More VOIP over WLAN: With low bitrates disabled, decrease the beacon interval for more responsive AP switching

2016 November 4
by Daniel Lakeland

It seems that beacons from your APs are how your wireless client (say a smartphone) determines which access point to connect to. Beacons obviously take up time that would otherwise be used for transmitting data, so that suggests reducing them in order to make more time available for transmission of useful stuff, but, with your low bitrate modes turned off, beacons will be transmitted at 6000 kbps or 12000 kbps and hence be pretty short compared to their duration if you were allowing 1000 kbps modes. So this suggests actually increasing their frequency so that it is quicker to switch between stations.

Typical settings are something like (in hostapd on OpenWRT)

    option beacon_int '100'

These counts are in 1.024 ms intervals, which which suggests that every 102.4 ms a beacon will be transmitted. Round off, around 100ms between beacons. So, if you're running around your house at 10mph you will travel about 1.5ft in 100ms which suggests your beacons could occur between longer intervals. But, it takes a while to re-associate with a new AP. Typical VOIP packets are sent at 20ms intervals, and this suggests that if you're dissociated from an AP for say 2 beacons, you're going to drop 10 packets, which is a noticeable audio delay.

Instead, let's drop the beacon interval to 50 and then if you're dissociated for 2 beacon intervals that's 100ms total and you drop about 5 packets, an amount that might be covered by typical jitter buffers in hard/soft phones.

I just literally ran around my house while talking to a test number that I have set up, the test number records for 30 seconds and then plays back the recording... with beacon=250 I definitely had little drop-outs in audio, with beacon=50 even running around my house to change position as fast as possible, no noticeable audio dropouts occurred.



Disabling WiFi low bitrates for more stable performance

2016 October 31
by Daniel Lakeland

Next step in my FIX MY PHONE campaign is dealing with the WiFi part. Step one was to DSCP mark my inbound RTP packets with DSCP=48 so that linux will send them over the highest priority "VO" WMM queue (WiFi Multi Media, a simple priority based QoS system for the radio). The standard for voice is DSCP=46 but linux drivers use the slightly lower priority VI (video) queue for DSCP=46, and hence I'd be competing with potentially other traffic, especially traffic to my FireTV Stick.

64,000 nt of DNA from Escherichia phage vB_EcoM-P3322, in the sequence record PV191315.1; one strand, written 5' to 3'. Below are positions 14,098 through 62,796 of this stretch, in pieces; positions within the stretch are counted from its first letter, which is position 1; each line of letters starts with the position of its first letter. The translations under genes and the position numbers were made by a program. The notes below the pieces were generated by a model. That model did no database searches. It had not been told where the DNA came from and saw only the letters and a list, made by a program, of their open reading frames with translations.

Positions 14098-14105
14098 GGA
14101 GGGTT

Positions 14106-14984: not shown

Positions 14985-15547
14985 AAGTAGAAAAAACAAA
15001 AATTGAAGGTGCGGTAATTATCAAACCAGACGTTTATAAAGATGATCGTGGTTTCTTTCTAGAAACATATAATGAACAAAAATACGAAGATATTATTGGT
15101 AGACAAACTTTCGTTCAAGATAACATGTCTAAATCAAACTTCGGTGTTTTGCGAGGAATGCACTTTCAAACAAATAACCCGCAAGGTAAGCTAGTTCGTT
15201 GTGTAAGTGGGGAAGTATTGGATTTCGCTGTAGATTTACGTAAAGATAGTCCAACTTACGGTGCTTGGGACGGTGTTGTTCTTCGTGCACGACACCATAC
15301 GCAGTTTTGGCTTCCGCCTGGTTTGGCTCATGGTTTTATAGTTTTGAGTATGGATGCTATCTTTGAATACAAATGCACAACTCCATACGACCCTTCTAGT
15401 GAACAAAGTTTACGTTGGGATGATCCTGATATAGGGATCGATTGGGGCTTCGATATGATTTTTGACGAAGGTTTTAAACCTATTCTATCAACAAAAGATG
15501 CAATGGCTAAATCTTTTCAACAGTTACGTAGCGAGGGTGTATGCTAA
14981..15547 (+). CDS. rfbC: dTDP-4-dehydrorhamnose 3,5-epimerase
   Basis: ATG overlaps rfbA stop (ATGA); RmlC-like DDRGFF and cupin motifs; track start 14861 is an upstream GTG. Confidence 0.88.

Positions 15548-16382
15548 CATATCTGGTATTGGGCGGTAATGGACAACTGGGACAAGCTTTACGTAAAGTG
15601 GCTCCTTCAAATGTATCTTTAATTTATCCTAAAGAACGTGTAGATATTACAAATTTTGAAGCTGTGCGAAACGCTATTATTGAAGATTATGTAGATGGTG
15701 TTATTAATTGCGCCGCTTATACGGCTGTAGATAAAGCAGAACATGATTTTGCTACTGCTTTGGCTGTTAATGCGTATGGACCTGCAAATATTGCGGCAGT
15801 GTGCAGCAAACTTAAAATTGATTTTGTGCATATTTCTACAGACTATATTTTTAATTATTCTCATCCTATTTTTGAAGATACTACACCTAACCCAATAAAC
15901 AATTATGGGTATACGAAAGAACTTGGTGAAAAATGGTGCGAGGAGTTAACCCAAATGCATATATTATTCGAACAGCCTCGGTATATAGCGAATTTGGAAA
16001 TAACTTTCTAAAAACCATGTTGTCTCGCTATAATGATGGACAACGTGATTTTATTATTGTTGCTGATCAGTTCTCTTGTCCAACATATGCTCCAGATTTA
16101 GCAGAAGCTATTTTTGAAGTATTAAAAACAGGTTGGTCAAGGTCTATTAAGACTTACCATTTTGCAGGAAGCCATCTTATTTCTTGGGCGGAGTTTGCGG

Second step was to disable lower bitrates. 802.11b came out in something like 1999 every piece of kit in my house supports 802.11n which came out in ~ 2007 almost 10 years ago. There is really no excuse for using 1Mbps rates except that they work at long distances. Now that I have 3 access points in my house, long range is actually a detriment, and forcing clients to switch between access points as they move around is beneficial (and, I like to pace around while talking on the phone... people would complain about that as my phone probably lowered its data rate to stay associated rather than jump to the closer AP and keep a higher rate).

Nevertheless I noticed that in fact lots of sleeping mobile devices will connect at 1Mbps while they sit there waiting to refresh their email connections, etc. At 1Mbps sending a single packet of 1kB of data takes 8 ms. If I'm in the middle of a voice conversation, 8ms is close to half the inter-frame duration of 20ms. Let's not forget that beacons happen something like every 100ms (I set mine to 250ms). Beacons get transmitted at the lowest data rate in the basic set. So, for efficiency and channel access purposes, it makes sense to limit everyone to using higher rates, including sleeping mobile devices.

In OpenWRT the /etc/config/wireless file can be used to force you to accept only much higher data rates. I set my minimum to 12 Mbps. So now a 250 byte RTP packet takes on the order of 0.16 milliseconds to send, (or less if we're at even higher rates).

Here's a stanza defining the radio on my router

config wifi-device 'radio0'
    option type 'mac80211'
    option path 'pci0000:00/0000:00:11.0'
    list ht_capab 'SHORT-GI-40'
    list ht_capab 'TX-STBC'
    list ht_capab 'RX-STBC1'
    list ht_capab 'DSSS_CCK-40'
    option country 'US'
    option htmode 'HT20'
    option hwmode '11g'
    option txpower '14'
    option channel '1'
    option frag '2200'
    option rts '1000'
    option beacon_int '250'
    option basic_rate '12000 18000 24000 36000 48000 54000'
    option supported_rates '12000 18000 24000 36000 48000 54000'

The last 2 lines determines the basic rates required and allowed by this access point. This is sent in the beacons 4 times a second (beacon_int 250). I'm also turning on rts/cts for packets over 1000 bytes and frag for packets over 2200. I may turn those off, they were attempts to improve reliability given both a lot of neighbor interference (hence fragmenting big packets so they xmit more reliably) and a lot of low-power mobile devices hence turning on rts/cts so the AP will ask mobile devices to pay attention before transmitting to them, hence devices that can't hear each other don't collide with each other as much.

It makes sense to me that all this should really help. In particular, less time spent futzing around at 1Mbps serving low priority mobile devices refreshing their email server connections, or sending beacons saying "here I am... you can talk to me at 1Mbps if you like" means more clear-air for getting regularly spaced 20ms packets over the airways.

This stuff isn't rocket science, but it's not wiring up electrical outlets either. Understanding the physical limitations of radio spectrum use and making good choices about the way in which multiple connected devices cooperate should take something that "kind of worked" and turn it into "rock solid", I hope.